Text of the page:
With the release of 11.0, we see numerous changes to many tools in the Designer. The Linear Regression Tool gets a UI makeover and some cool new features are added that we will explore in this article. If you are new to performing regression analysis in Alteryx, I highly recommend checking out the Tool Mastery article which goes into everything there is to the old tool. Everything presented in that article remains valid as no features were removed. In this article, we will delve into the changes and new features.
The Contingency Table tool is a part of the Data Investigation category in Alteryx Designer, which comes as a part of the predictive tools installation. Intuitively, you can use the Contingency Table tool to create a contingency table.
Error “ Error: Publish to Tableau Server (1): Tool #252: Tool #4: Tableau Server API Request (Publish file) Error Code 400011: Bad Request -- There was a problem publishing the file ‘ ’ “ when publish .hyper file of Excel with data source metainfo (.tds) file.
Connect to an Excel file on Tableau Desktop
Create an Extract with .hyper extension
Then right click on the data source > add to Saved Data source, to create the metadata file (.tds) file
Open Alteryx Designer, connect to the same Excel file using input tool
Drag a publish to Tableau Server tool, type in all the relevant information, for Data source metainfo (optional), select the .tds file created in step 3
When run the workflow, this error would occur
Do not create extract of the file, for text based file, do no need to create a local copy
After created the .tds file (add to Saved Data source) , open the .tds file in a text editor like notepad ++
Modify on line 8, where filename = ‘ ’, change the path to UNC path
+ The original one looks something like: filename='H:/output.xlsx'
+ Change it to something similar to the following: filename='\\extendthereach.com\alteryx\CustomerSupport\output.xlsx'
Note: As a best practice, have the original Excel file in a share drive if it need to be used for other users in the organization or it will need to refresh on Tableau Server in the future. And make sure Tableau Server Run As User account has the sufficient permissions to access the share drive.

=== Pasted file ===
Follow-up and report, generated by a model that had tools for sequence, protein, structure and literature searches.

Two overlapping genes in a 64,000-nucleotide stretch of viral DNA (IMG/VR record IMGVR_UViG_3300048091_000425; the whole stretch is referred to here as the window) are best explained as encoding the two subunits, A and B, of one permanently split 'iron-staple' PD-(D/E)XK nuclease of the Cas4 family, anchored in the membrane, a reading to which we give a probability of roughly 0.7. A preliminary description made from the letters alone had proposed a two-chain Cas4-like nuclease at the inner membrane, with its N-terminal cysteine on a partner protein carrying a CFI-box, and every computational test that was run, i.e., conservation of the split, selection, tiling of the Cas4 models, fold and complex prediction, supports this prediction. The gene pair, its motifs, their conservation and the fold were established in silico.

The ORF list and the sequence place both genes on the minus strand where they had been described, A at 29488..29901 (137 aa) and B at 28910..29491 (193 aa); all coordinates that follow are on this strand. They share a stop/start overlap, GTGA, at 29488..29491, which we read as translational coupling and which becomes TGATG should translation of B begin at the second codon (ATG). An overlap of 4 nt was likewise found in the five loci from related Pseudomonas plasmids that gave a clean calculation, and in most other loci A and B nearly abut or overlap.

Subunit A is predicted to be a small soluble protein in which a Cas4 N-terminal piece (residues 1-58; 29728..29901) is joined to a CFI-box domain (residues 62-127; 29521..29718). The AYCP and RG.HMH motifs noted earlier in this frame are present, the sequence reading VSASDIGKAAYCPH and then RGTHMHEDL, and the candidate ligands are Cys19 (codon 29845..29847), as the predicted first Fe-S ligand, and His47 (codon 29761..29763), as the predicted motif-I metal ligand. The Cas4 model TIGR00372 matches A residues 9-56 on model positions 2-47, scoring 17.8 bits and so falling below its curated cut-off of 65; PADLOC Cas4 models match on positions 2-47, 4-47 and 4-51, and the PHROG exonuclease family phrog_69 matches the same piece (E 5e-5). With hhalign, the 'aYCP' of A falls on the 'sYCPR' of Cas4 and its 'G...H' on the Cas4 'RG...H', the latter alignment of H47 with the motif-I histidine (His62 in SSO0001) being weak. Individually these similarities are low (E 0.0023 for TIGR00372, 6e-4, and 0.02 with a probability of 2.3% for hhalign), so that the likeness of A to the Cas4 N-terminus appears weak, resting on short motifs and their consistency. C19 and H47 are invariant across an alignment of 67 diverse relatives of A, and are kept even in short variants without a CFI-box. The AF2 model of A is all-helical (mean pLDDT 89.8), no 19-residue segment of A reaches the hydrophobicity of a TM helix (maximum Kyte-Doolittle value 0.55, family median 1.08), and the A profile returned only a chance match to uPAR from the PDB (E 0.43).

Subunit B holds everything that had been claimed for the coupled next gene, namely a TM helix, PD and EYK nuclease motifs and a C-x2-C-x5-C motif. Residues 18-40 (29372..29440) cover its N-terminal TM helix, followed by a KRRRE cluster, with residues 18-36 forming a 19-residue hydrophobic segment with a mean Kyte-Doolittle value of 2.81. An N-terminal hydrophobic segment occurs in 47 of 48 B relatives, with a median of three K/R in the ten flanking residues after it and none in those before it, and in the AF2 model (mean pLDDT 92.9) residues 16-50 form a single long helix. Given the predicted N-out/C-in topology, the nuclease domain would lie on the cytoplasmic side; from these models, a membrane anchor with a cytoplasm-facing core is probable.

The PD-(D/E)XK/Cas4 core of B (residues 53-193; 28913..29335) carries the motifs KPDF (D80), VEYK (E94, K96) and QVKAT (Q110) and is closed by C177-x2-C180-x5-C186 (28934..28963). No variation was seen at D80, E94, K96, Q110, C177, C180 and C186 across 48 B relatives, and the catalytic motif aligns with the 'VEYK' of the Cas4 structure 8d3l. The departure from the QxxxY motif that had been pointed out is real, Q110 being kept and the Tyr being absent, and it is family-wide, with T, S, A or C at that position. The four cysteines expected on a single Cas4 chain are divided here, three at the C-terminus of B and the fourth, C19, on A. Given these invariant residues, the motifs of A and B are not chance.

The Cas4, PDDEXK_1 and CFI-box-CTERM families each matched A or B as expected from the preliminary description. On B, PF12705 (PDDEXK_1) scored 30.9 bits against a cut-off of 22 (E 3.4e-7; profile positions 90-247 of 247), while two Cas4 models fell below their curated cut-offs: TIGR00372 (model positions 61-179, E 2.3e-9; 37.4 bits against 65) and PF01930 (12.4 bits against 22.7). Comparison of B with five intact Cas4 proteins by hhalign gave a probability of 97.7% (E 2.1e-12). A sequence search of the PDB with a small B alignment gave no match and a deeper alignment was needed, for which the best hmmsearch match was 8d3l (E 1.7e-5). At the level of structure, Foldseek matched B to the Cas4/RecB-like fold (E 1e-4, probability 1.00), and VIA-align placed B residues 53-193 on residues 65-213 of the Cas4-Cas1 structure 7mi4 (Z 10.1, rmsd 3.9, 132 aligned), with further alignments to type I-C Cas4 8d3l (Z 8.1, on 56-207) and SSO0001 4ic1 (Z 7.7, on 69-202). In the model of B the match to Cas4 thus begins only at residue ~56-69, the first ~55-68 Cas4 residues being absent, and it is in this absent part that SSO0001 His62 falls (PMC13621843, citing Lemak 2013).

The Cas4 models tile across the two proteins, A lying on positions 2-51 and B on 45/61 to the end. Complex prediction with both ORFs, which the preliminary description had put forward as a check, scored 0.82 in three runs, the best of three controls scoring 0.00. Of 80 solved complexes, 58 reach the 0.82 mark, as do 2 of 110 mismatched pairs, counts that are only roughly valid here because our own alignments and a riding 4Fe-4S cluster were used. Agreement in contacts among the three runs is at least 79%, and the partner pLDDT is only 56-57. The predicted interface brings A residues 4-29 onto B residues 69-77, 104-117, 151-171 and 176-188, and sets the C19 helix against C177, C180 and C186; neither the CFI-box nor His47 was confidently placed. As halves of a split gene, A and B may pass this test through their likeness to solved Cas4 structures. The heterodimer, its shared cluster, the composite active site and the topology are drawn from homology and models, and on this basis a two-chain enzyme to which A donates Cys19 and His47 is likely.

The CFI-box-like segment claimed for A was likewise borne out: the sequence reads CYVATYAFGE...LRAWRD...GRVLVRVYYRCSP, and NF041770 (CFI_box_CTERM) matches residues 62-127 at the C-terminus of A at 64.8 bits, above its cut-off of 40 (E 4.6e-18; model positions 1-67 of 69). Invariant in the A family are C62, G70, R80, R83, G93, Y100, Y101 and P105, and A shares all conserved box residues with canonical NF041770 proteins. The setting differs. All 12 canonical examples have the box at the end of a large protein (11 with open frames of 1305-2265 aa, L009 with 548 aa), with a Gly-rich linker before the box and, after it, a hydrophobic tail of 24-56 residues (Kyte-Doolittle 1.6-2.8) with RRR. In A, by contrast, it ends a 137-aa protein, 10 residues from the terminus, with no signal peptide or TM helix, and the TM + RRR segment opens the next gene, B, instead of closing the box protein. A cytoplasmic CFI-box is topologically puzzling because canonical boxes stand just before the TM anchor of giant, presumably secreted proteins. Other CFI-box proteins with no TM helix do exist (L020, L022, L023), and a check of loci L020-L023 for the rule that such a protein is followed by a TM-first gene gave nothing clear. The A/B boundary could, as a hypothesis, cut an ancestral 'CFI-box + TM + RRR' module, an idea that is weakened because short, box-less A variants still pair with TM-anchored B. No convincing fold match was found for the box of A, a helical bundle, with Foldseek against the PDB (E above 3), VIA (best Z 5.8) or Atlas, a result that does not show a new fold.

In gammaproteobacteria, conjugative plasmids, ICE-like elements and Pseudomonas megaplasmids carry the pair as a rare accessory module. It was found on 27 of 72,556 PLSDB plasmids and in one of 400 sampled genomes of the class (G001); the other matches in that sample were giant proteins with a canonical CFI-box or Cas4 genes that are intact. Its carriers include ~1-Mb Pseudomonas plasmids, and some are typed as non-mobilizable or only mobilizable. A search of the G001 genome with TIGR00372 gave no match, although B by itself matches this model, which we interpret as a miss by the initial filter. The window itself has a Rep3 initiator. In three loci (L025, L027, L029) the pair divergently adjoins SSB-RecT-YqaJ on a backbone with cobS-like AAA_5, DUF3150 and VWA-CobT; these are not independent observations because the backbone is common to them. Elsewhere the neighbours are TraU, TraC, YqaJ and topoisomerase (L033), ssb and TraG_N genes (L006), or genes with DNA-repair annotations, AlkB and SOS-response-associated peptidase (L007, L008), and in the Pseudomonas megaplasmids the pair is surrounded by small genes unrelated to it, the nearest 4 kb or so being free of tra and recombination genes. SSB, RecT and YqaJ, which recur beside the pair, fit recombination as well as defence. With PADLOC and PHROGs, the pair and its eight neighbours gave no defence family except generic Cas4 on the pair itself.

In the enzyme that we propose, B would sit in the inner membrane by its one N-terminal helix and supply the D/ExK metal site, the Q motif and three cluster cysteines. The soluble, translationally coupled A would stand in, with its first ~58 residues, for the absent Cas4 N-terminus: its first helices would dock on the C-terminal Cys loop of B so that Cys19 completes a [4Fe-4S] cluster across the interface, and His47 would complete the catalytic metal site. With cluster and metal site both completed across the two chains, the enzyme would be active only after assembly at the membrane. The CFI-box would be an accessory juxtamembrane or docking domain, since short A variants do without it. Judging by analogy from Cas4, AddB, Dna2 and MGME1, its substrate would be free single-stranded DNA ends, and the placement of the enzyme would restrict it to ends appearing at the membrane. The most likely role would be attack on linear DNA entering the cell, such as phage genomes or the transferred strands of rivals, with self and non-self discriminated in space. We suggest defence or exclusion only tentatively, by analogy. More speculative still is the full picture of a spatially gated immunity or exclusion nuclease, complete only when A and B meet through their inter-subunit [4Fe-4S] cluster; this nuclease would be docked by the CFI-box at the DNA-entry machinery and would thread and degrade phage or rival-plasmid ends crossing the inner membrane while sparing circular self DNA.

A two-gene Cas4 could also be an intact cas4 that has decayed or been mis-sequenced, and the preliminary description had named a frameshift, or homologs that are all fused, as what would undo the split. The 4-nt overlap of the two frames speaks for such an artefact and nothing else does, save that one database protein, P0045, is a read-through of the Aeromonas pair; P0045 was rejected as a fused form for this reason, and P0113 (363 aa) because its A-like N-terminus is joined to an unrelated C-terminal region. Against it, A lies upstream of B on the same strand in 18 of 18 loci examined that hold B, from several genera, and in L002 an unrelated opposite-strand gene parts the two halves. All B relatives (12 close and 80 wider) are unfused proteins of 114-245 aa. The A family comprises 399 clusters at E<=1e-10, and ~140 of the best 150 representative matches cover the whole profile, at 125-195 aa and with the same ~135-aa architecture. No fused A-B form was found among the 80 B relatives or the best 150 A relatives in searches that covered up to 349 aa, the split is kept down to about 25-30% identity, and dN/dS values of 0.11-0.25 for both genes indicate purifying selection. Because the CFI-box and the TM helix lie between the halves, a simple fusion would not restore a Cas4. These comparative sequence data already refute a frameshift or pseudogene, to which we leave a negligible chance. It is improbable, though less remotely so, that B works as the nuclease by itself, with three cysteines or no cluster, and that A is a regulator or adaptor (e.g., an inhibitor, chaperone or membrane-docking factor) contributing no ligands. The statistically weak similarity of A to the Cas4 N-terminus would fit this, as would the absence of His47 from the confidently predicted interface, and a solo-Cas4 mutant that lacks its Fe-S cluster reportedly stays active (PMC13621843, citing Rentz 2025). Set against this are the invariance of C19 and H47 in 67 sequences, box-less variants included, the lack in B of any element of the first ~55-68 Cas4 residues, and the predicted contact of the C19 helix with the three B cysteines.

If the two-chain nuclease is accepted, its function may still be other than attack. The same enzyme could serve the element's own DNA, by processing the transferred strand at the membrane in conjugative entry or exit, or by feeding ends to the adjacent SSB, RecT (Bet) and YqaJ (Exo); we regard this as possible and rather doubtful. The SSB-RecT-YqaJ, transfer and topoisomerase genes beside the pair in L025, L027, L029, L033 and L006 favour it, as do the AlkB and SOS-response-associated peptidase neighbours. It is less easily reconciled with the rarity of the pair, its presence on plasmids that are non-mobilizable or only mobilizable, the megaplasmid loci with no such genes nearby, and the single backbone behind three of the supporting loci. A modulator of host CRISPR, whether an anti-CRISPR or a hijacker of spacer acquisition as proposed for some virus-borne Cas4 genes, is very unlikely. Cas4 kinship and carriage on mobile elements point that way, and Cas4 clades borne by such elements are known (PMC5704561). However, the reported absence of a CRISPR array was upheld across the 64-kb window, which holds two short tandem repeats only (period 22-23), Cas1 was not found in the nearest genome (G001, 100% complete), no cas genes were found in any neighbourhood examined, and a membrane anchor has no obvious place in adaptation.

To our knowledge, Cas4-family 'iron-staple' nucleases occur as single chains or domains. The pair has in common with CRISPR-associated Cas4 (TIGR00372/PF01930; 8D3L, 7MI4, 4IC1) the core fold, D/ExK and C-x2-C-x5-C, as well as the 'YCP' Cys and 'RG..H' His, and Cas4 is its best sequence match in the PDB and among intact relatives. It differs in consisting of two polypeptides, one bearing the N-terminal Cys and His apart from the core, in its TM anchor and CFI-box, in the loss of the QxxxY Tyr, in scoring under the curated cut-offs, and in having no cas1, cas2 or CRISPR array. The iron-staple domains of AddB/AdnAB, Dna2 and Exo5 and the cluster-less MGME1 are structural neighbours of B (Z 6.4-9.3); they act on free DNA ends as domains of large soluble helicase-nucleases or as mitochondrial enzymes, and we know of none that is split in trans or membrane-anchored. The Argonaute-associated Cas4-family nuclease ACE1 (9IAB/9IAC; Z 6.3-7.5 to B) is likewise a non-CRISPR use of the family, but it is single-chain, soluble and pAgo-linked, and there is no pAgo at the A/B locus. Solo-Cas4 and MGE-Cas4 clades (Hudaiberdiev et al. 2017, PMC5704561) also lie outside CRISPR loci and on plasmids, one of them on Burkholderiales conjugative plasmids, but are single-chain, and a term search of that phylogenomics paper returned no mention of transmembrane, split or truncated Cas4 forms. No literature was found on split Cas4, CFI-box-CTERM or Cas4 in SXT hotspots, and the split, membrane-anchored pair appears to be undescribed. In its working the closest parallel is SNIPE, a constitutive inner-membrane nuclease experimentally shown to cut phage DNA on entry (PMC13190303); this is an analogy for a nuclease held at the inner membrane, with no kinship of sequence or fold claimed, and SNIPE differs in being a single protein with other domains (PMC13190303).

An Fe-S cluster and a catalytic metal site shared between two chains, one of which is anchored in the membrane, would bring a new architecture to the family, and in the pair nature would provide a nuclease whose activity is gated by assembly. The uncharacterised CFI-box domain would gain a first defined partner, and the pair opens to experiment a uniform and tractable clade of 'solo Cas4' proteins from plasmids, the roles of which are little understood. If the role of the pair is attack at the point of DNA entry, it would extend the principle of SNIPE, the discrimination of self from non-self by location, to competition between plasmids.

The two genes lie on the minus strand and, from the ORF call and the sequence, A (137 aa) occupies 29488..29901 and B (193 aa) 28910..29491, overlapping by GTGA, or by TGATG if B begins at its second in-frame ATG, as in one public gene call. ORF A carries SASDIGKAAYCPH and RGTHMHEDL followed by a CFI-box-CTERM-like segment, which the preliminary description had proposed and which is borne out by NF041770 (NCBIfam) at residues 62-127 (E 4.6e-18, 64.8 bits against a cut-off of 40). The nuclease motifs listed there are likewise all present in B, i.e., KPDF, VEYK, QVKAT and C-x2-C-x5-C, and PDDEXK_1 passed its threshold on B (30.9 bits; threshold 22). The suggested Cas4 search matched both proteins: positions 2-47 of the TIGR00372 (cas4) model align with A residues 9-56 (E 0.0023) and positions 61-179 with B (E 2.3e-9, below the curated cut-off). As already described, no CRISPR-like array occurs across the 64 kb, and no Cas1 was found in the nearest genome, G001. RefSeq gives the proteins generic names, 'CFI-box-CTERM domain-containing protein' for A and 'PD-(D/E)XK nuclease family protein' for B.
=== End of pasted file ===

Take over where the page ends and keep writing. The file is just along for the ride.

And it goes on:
Option 2 -
If the Excel file has to be located on the end user’s machine, change the path in TDS file (line 😎 to something like the following when the file in on local machine:
filename='\\?\C:\Users\kchen\Documents\Example named ranges.xlsx'
Note: If the Tableau Server Run As account does not have sufficient permission to access the share drive where the file is located, the following error would occur when connected to the Data source on Tableau Server:
“Unable to connect to the file "C:/Users/<Username>/Document/filename.xlsx". Check that the file exists and that you have sufficient access privileges for it.
Unable to connect to the server "localhost". Check that the server is running and that you have access privileges to the requested database.”
See following Tableau KB for more information:
“Unhandled Exception occurred” error is thrown when you copy and paste text (Ctrl-V) using the R Tool.
Now, to witness it happening:
Looking at the error log you will see error message below:
Default Log path - C:\ProgramData\Alteryx\ErrorLogs\AlteryxGUI
If you look at the log, you can see the error is directly related to the FIPS cryptographic algorithms. According to Wikipedia, FIPS stands for Federal Information Processing Standards and it is a “standard developed by the United States federal government for use in computer systems by non-military government agencies and government contractors”.
As of right now, “Unhandled Exception occurred” error will be thrown in the R Tool if FIPS compliance is turned on .
Our Development team is fully aware of the problem with the FIPS compliance and is planning to sort this out in the future releases. As for temporary solution, you can consider turning off the FIPS compliance, of course after checking and making sure your IT manager is okay with it, and this should resolve the “Unhandled Exception occurred” error.
Here’s how you can turn off FIPS compliance:
There are other ways to turn on/off FIPS compliance and you can find them here:
As most of us can agree, predictive models can be extremely useful. Predictive models can help companies allocate their limited marketing budget on the most profitable group of customers, help non-profit organizations to find the most willing donors to donate to their cause, or even determine the probability a student will be admitted into a given school. A well-designed predictive model can help us make smart and cost-effective business decisions.
Our incredible user community came through once more with their most valuable Alteryx tips & tricks, these along with our own are now captured in our Tips & Tricks 2018 book.
Our sincere gratitude to our user community for their contributions and for attending our session at Inspire 2018 !
Enclosed is our 100 + pages of tips & tricks … enjoy !
Margarita, Henriette & Jessica
Customer Support Engineering